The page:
The US and Soviet Union negotiated and signed an agreement that limited nuclear tests to no more than 150 kilotons of explosive power—roughly 10 times the size of the Hiroshima blast. This limit was seen as a way to “stabilize” the nuclear balance and prevent one side from gaining advantage. Signed in 1976, the treaty was not ratified and entered into force until 1990. This delay was due both to geopolitical factors and to a lack of confidence in the ability to measure test size. By 1987, treaty compliance could be assured by several methods, including hydrodynamic tests, seismic monitors, and direct on-site inspection. LEARN MORE
Throughout the ‘70s the Cold War rivalry between the US and Soviet Union continued. But a rise in non-nuclear conflicts and tensions around the world—from the Vietnam War and the energy crisis to Middle East conflicts and the Soviet invasion of Afghanistan—led to new arrangements designed to keep the nuclear “balance of terror” in check. While weapons innovation continued, so too did innovation in risk reduction and the building of political will.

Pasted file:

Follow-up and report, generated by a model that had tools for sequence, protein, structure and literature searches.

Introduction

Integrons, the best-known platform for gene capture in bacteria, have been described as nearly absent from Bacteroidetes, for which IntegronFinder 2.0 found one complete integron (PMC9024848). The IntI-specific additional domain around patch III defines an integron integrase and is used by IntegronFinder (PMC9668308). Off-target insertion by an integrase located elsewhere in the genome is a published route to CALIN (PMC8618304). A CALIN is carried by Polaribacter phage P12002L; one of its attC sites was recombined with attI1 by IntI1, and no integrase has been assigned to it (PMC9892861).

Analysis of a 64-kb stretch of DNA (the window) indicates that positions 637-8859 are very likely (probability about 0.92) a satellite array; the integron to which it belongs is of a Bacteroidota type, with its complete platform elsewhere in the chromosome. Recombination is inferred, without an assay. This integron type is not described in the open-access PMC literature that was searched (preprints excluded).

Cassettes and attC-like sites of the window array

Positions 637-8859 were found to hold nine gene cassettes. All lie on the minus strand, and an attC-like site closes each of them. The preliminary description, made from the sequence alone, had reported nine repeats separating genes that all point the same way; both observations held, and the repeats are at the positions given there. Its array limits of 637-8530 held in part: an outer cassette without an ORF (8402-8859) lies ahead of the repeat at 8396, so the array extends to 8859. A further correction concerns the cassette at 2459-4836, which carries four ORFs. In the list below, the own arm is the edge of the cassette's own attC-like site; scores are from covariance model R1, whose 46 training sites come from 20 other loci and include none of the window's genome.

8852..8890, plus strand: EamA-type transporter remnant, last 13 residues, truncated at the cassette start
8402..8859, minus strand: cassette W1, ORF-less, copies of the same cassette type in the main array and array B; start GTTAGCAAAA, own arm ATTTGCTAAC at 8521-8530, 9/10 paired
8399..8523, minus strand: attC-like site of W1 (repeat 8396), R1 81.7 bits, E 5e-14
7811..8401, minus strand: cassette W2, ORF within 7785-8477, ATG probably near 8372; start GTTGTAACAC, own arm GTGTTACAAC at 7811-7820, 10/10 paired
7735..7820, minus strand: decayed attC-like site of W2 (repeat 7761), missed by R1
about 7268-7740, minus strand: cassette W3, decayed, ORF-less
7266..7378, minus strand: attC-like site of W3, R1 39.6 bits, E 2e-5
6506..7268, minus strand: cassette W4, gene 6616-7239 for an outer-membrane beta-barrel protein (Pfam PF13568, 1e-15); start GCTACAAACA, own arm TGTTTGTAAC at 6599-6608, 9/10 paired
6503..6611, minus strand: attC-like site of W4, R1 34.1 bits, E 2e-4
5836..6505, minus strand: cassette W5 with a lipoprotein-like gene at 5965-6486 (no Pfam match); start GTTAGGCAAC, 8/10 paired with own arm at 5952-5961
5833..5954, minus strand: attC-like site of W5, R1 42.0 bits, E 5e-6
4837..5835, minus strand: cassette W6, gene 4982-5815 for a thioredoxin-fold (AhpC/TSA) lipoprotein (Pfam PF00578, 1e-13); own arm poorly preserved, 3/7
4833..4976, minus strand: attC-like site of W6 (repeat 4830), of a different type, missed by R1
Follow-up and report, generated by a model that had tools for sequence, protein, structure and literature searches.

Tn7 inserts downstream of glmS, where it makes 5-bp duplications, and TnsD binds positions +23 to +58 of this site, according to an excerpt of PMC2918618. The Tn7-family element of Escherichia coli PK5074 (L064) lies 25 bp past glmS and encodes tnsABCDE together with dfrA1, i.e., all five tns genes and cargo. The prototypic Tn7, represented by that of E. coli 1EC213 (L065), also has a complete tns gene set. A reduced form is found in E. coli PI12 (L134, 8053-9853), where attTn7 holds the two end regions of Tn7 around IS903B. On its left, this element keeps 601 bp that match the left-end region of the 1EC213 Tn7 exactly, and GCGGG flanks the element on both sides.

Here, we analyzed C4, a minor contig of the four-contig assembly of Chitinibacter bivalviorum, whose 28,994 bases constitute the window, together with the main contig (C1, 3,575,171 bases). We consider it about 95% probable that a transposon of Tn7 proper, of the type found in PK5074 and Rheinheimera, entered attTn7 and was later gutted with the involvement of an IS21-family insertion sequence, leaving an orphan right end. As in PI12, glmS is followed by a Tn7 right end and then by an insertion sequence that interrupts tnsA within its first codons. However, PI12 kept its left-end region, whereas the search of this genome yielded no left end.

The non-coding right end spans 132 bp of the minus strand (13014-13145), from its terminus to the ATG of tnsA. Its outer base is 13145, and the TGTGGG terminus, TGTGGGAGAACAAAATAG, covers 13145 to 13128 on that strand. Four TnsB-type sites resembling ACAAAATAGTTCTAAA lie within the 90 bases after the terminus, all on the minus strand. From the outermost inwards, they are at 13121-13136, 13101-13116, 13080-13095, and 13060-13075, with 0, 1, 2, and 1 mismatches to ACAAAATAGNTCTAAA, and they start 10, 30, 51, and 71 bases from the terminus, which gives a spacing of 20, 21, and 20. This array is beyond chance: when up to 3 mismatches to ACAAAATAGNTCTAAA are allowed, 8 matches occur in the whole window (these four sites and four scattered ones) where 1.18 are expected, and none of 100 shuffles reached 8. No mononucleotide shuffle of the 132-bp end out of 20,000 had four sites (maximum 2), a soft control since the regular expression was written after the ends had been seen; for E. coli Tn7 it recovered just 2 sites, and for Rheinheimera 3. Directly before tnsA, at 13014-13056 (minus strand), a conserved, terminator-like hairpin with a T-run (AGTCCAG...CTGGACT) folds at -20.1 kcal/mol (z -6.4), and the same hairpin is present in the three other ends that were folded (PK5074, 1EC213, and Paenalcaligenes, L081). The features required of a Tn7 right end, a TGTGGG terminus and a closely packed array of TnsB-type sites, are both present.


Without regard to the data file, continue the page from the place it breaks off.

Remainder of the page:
Early efforts by the US and Soviet Union to design and build missile defense systems were stymied by the realization that such systems would likely compel both sides to build more weapons in order to overwhelm the other’s defenses. The ABM Treaty, entered into force in 1972, allowed the US and USSR to have two ABM sites each: one protecting their capital, and another protecting a weapons site. The treaty’s innovations were mostly political but also technical: satellite verification was a key component, and the treaty was the first to prohibit countries from interfering with one another’s verification tools. LEARN MORE